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MRSA

Volume 475: debated on Wednesday 14 May 2008

To ask the Secretary of State for Health (1) what estimate his Department has made of the percentage changes in incidence of (a) MRSA and (b) clostridium difficile as a result of the deep cleaning programme; and over what timescale his Department expects such changes to be reflected in hospital infection statistics; (203400)

(2) by what means his Department will assess the effectiveness of its deep cleaning programme for hospitals in England in reducing cases of healthcare associated infections.

As set out by my right hon. Friend the Secretary of State in his written ministerial statement on 17 January 2008, Official Report, columns 38-39WS, following completion of the deep clean of the national health service on 31 March 2008, the Department will work with strategic health authorities (SHAs) to draw up examples of where a deep clean has had a demonstrable effect in improving patient care and experience and will share these across the NHS.

SHAs will take the lead on evaluation locally as the impact of each trust’s programme will be different and no single measurement method will pick up all the benefits, particularly as trusts may be implementing a range of measures to improve cleanliness and tackle healthcare associated infections.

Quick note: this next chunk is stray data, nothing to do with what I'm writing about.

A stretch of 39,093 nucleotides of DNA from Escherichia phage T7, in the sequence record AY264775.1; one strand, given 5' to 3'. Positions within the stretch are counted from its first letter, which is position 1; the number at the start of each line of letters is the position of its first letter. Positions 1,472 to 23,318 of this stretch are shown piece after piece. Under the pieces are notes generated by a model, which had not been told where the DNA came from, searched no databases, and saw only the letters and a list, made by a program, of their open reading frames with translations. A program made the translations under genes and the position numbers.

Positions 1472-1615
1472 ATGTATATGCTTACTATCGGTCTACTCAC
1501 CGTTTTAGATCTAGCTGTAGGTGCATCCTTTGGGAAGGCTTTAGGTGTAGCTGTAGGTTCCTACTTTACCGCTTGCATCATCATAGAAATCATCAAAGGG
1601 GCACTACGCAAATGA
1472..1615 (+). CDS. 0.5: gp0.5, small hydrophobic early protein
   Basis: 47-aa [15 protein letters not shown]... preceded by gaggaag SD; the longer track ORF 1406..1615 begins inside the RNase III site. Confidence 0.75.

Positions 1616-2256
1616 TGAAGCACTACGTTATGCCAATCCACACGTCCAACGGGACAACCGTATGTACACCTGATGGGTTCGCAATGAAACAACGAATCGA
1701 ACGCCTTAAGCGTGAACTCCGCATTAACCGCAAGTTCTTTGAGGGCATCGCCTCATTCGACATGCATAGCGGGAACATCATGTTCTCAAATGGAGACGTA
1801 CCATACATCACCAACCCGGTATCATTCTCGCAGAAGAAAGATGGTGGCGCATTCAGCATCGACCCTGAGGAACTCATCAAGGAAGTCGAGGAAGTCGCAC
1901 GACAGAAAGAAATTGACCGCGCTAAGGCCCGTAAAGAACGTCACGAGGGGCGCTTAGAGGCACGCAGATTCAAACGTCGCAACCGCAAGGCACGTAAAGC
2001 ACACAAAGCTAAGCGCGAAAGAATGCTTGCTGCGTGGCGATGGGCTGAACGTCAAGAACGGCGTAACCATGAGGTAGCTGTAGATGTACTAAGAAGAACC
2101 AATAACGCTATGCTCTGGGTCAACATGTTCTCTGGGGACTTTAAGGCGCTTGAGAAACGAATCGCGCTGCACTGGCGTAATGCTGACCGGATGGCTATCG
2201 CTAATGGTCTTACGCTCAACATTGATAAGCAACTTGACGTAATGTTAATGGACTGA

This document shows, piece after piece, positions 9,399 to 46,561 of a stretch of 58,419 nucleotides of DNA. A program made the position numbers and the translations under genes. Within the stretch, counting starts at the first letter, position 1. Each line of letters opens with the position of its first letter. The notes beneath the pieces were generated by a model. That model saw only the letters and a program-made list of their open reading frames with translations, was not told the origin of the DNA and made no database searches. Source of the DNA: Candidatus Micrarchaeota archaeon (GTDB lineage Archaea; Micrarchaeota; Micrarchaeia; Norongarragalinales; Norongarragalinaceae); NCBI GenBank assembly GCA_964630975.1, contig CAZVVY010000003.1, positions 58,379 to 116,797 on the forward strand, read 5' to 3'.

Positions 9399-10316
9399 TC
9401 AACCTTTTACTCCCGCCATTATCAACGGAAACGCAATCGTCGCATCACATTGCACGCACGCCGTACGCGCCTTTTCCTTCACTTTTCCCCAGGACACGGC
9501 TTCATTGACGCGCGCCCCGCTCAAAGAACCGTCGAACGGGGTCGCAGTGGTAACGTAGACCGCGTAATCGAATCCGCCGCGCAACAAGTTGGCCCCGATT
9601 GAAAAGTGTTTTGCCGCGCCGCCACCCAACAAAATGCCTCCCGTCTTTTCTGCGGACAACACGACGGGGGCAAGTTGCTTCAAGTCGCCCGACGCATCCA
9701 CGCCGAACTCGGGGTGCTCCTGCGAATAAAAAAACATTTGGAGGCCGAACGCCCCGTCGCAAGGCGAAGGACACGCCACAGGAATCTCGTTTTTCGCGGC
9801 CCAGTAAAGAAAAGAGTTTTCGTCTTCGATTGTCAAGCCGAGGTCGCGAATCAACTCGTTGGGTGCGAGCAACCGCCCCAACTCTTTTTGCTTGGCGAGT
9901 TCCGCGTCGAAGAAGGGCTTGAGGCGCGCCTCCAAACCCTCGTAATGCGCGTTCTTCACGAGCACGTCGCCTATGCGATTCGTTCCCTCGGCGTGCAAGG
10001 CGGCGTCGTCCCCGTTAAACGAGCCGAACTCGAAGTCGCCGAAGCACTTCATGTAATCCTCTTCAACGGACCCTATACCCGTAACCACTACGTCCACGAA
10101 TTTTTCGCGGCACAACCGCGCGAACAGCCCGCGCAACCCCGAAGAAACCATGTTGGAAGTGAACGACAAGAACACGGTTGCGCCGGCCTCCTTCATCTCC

Improvements to patient experience and environment may be measurable through:

Patient Environment Action Team scores;

scores on national specifications for cleanliness;

compliance with the Code of Practice for the Prevention and Control of Healthcare Associated Infections;

compliance with the Department is national core standards;

Healthcare Commission inpatient survey scores; and

infection rates.

Deep cleaning is just part of a comprehensive range of measures to improve cleanliness and tackle infections set out in the Strategy “Clean, Safe Care: Reducing Infections and Saving Lives”. Copies of the Strategy are available in the Library.